The asifa, which is being sponsored by community askonim, will be focusing on the timeless (but also all too timely) theme of "Vi’asisa hayashar vi’hatov." It will feature two distinguished rabbonim - Harav Avrohom Schorr, shlita, and Harav Dovid Ozieri, shlita; as well as two respected legal experts - Benjamin Brafman, Esq. and Jacob Laufer, Esq. I will be serving as the evening’s chairman. We will start with Mincha at 7:15 and then proceed with the program.This is without a doubt the biggest load of crap I've heard since Shafran's contemptible defense of Madoff. "To distinguish between conduct that conforms with dina d’malchusa and conduct that does not?!" What the hell does that even mean? It sounds like he's saying that because people don't realize that these things are actually assur (forbidden) due to dina d'malchusa, unfortunately some bad mistakes have happened. Riiiiight... because without knowing that dina d'malchusa forbids it, it's understandable that someone would find it acceptable to cheat the government, launder millions through charities, bribe officials, and engage in illegal organ trafficking! (Not to mention sexually molest children, grant special treatment to prisoners, defend abusive parents, smuggle drugs, abuse immigrant workers, violently riot because of a parking lot opening on shabbos, and protect pedophiles - just some of the recent crimes that have been perpetrated by ultra-orthodox people in the past few months.) Sure, it's a lesson in conforming to dina d'malchusa dina that people need - people like the Spinka Rebbe, who was busted this past year for money laundering and tax evasion. If only he had known the halacha!
Introspection about how to better live our lives in consonance with Torah ideals is always timely. It is particularly timely during the days leading up to Tisha B’Av, when we mourn the fact that we remain in Golus, and the reasons why.
And in the wake of recent headlines and front-page photographs that made every feeling Jewish heart ache, it is even more timely for us to take a good, hard look at our obligations to our fellows, to our society, to our government.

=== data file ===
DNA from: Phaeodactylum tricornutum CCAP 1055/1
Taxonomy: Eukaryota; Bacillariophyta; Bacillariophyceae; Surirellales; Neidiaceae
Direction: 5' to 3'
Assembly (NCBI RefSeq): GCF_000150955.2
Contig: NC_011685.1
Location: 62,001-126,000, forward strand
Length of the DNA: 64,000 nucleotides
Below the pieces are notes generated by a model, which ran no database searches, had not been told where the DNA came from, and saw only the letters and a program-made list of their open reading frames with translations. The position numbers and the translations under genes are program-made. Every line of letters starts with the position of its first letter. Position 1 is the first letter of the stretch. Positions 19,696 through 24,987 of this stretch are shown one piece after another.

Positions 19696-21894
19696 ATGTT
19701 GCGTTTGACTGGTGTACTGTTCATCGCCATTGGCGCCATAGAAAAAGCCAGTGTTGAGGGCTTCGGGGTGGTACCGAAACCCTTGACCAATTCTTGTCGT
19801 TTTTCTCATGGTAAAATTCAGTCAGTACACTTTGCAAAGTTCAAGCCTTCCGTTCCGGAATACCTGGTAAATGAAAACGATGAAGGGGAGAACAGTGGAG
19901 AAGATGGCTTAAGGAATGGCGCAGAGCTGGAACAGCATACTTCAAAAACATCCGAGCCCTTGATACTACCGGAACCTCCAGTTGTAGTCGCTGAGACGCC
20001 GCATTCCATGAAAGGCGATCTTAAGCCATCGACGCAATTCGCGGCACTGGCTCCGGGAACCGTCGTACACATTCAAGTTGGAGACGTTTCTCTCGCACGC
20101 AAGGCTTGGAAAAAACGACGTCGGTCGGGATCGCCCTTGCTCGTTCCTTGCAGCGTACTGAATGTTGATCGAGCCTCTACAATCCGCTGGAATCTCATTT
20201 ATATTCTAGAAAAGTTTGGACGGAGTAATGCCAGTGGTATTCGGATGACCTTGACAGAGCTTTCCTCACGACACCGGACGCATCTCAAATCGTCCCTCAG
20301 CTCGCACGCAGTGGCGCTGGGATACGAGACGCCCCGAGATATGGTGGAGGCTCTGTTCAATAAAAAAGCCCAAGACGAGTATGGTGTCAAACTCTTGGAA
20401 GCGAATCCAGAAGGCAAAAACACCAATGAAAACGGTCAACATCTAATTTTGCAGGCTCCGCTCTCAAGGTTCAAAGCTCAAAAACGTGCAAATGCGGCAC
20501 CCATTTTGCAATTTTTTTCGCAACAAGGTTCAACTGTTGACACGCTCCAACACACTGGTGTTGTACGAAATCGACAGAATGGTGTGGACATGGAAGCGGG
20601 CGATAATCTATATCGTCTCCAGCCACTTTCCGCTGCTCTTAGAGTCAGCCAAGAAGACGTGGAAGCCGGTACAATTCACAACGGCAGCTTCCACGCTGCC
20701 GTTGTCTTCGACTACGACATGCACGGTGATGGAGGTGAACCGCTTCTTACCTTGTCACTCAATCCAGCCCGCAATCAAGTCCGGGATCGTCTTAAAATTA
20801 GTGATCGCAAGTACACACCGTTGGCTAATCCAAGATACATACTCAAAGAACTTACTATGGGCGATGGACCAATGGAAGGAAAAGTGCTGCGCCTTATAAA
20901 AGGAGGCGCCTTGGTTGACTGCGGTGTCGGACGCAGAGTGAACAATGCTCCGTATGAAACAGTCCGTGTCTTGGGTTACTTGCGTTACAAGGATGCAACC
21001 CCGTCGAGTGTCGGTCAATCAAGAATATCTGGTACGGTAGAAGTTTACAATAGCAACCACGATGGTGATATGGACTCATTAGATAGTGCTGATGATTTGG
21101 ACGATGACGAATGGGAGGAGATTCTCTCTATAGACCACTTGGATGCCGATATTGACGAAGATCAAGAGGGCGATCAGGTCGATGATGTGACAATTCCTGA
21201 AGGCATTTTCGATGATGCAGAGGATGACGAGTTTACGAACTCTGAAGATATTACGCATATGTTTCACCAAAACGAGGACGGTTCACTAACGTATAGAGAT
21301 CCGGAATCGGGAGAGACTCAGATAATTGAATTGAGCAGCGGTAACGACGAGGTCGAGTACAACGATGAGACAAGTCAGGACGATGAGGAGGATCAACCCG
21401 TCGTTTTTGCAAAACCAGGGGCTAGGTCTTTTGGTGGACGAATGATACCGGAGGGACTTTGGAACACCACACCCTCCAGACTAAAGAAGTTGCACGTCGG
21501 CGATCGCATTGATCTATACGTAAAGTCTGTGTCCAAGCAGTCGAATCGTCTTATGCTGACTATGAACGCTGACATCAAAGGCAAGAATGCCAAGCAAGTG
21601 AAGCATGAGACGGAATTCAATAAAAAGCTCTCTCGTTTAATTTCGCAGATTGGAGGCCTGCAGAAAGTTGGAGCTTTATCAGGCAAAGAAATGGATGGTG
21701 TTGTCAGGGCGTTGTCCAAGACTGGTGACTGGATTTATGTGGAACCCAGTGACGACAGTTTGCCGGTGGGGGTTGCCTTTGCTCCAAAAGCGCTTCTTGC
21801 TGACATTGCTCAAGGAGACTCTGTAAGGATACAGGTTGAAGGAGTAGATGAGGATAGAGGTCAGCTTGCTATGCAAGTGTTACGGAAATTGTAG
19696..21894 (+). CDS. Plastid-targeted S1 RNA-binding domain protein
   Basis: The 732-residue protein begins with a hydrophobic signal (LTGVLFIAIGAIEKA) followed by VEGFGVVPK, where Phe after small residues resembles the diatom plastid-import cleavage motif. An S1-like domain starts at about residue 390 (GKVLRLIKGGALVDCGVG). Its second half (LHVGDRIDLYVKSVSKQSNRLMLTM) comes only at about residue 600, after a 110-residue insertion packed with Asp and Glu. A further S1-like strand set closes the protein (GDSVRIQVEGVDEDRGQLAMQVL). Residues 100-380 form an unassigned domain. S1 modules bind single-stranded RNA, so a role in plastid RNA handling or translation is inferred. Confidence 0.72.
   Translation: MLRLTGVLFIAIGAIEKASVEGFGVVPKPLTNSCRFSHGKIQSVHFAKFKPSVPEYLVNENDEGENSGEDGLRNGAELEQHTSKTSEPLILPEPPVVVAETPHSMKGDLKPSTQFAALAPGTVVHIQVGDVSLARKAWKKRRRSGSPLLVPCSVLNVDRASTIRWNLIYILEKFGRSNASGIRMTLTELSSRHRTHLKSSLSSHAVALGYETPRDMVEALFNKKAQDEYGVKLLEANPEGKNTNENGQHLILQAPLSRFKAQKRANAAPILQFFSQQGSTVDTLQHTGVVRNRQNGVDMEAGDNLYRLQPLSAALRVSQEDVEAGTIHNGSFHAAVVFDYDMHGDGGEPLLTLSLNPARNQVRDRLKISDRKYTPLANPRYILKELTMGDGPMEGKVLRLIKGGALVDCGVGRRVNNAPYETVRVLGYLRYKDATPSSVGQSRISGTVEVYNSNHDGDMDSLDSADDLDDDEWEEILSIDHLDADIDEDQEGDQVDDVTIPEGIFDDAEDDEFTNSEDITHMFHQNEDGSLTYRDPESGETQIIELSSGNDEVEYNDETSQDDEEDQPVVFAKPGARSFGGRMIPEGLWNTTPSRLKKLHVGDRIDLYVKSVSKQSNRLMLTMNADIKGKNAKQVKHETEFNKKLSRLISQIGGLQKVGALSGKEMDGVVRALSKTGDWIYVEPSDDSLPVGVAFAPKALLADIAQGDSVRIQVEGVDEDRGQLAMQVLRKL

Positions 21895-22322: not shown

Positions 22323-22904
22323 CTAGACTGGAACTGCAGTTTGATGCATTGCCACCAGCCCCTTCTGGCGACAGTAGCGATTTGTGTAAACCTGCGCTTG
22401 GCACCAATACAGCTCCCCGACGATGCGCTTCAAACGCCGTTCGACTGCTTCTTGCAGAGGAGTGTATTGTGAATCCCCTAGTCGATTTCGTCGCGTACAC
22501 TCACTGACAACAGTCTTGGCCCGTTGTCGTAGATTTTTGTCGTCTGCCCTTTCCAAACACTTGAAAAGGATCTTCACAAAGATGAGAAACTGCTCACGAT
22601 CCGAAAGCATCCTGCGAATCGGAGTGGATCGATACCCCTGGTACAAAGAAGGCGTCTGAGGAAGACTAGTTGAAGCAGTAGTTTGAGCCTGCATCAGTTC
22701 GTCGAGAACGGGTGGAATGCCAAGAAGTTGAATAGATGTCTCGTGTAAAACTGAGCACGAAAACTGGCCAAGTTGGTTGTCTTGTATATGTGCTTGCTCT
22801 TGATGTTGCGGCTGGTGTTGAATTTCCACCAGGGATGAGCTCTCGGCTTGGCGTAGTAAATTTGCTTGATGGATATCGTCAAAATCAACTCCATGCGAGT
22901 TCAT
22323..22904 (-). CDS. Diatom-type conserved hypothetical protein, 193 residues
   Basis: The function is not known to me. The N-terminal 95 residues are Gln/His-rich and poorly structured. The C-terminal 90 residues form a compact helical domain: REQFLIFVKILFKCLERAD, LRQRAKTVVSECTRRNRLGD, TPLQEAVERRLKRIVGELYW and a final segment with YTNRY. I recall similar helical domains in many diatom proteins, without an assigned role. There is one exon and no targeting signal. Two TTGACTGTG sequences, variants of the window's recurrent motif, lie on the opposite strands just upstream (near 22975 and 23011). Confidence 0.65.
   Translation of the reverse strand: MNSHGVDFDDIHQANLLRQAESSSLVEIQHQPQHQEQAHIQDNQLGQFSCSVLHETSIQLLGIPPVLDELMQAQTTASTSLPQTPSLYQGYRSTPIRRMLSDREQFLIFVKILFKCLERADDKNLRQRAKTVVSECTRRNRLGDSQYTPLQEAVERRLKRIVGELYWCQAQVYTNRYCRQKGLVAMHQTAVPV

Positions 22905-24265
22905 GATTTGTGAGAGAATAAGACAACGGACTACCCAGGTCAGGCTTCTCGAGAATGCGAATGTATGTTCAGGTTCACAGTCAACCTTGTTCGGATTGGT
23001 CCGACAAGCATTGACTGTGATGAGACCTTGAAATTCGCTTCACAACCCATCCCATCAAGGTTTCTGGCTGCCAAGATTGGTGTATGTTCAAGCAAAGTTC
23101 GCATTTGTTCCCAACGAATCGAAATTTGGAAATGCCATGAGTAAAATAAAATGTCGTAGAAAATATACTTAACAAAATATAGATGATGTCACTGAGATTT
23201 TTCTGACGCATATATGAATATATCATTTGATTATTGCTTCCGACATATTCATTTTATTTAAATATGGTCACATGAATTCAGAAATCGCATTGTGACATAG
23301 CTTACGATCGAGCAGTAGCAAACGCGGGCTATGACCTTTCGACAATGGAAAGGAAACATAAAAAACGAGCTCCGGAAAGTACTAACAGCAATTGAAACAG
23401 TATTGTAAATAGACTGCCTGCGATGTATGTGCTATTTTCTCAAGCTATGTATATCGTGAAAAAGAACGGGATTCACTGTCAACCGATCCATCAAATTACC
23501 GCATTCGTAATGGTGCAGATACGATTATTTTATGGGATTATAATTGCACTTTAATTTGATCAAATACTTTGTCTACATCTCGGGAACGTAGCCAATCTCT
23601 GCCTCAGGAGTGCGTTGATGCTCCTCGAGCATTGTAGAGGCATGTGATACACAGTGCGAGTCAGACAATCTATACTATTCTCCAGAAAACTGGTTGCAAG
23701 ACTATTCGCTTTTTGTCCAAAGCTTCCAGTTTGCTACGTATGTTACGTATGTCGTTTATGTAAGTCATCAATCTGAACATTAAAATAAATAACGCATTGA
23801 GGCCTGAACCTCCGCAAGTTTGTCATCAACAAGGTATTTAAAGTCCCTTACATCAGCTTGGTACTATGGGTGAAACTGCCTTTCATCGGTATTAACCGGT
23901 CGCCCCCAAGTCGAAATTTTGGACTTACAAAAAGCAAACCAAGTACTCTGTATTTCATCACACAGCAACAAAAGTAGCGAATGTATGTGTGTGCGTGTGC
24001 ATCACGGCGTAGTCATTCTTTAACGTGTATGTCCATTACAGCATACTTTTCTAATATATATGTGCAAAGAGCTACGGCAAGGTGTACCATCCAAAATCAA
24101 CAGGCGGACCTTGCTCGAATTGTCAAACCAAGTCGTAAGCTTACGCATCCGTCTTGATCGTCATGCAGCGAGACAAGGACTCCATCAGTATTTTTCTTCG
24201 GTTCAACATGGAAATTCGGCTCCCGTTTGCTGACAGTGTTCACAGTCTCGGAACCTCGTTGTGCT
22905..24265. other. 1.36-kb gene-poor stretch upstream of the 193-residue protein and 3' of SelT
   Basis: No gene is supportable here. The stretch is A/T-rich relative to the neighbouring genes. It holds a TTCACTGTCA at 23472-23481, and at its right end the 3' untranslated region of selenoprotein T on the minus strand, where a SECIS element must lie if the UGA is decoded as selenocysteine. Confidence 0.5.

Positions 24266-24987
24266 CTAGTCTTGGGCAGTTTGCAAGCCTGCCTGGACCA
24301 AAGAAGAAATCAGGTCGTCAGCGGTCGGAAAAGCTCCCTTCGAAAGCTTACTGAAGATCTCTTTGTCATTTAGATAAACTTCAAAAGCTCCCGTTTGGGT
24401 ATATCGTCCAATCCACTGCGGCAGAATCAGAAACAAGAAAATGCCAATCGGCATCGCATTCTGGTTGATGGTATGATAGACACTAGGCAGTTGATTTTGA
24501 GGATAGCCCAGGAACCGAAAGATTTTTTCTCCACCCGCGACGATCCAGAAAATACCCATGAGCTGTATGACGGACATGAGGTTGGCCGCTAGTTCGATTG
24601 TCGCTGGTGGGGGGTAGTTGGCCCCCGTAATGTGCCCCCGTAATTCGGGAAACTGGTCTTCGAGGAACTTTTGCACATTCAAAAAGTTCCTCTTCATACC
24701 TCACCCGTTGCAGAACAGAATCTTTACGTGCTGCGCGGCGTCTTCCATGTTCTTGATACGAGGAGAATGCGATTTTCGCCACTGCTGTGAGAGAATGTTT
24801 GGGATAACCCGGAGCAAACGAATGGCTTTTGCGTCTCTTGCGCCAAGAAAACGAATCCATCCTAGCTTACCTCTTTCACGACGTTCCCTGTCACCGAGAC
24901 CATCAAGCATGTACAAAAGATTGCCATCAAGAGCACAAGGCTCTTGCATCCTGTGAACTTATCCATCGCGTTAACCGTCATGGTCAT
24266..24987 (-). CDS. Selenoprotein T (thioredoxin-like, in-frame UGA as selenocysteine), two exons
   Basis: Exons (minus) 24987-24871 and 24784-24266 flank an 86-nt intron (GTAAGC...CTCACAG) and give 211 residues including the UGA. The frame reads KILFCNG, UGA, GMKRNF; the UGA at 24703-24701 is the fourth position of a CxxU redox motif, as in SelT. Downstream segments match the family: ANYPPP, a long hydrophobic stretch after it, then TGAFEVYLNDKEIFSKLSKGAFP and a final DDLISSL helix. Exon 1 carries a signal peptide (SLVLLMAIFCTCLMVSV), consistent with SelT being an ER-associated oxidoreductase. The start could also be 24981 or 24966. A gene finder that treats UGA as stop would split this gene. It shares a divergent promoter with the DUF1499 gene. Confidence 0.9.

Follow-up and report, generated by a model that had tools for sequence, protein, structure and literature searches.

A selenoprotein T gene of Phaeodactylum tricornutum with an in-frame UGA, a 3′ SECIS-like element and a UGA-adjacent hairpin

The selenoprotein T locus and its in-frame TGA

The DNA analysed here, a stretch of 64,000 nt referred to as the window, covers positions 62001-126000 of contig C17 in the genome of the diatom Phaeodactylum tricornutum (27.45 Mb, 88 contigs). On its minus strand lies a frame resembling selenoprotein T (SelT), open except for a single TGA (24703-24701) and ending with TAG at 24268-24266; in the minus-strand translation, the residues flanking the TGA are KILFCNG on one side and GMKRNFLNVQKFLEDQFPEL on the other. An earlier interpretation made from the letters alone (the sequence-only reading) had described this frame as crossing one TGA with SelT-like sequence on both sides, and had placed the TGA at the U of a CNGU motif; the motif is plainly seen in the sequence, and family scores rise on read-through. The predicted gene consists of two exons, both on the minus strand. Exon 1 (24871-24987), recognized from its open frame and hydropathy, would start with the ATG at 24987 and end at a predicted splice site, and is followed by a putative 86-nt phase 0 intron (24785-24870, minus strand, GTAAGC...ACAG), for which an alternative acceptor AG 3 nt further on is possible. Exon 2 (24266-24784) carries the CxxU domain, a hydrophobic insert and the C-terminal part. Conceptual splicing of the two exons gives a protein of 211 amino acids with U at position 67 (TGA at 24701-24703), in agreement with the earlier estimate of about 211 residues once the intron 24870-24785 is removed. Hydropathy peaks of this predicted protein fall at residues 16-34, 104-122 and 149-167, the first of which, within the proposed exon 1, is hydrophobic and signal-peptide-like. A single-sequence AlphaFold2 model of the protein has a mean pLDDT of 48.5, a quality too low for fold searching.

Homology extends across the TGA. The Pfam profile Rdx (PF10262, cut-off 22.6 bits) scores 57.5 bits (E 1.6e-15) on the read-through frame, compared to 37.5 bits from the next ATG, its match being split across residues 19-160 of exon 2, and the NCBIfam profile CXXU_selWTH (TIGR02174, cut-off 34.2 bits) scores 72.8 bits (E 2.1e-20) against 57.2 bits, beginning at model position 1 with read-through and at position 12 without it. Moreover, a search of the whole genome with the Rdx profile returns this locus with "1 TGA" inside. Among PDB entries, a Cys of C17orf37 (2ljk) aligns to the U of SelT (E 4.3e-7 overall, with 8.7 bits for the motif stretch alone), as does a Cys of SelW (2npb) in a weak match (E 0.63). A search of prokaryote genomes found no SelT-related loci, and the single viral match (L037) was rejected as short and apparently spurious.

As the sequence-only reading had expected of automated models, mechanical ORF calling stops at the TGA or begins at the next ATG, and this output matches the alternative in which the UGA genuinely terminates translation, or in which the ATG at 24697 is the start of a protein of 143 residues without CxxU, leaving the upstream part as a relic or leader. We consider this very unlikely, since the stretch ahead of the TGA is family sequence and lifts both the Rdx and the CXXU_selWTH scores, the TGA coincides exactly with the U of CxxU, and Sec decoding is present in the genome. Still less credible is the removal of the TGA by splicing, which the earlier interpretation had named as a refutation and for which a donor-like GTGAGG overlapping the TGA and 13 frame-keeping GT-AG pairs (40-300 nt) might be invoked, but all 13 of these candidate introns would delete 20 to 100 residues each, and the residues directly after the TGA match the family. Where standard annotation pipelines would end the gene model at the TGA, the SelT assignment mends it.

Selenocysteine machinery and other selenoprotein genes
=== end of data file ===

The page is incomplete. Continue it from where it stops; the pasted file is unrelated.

I don’t think I can adequately convey how compelling this gathering should be to us all. But I am confident that you realize how vital it is that we hear words of mussar and chizuk, and that we learn to distinguish between conduct that conforms with dina d’malchusa and conduct that does not. I am also confident that you understand how important it is to demonstrate to the wider world how heartfelt and determined Jews respond to news like the tragic tidings of recent days. Tomorrow night’s symposium and our attendance are an important part of that response.
The hypocrisy of these people is utterly astounding! They can’t even acknowledge the problem they claim they want to address! Why can't they just say it like it is?! To admit what everyone knows is really going on?! Wouldn’t it be amazing if someone at the Agudah actually said the following: "We need to take a close look where it is we've gone wrong if every other week another rav or frum person is being busted with crime after crime. We need to consider how the view that we've promoted throughout the last few decades (sometimes subtly, sometimes overtly) - that the goyim don't really matter and that it's ok to disregard them, cheat them, and lie to them, as long as we don't get caught and cause a chillul hashem - might actually be responsible for all this awful behavior. We need to acknowledge that the fact that the Otisville prison looks like a heimishe bungalow colony says something very disturbing about our society. And that few frum people seem to be bothered by this is even more disturbing. We need to admit the painful, ugly truth, that - to paraphrase Shakespeare - something is truly, very rotten in the state of Chareidistan."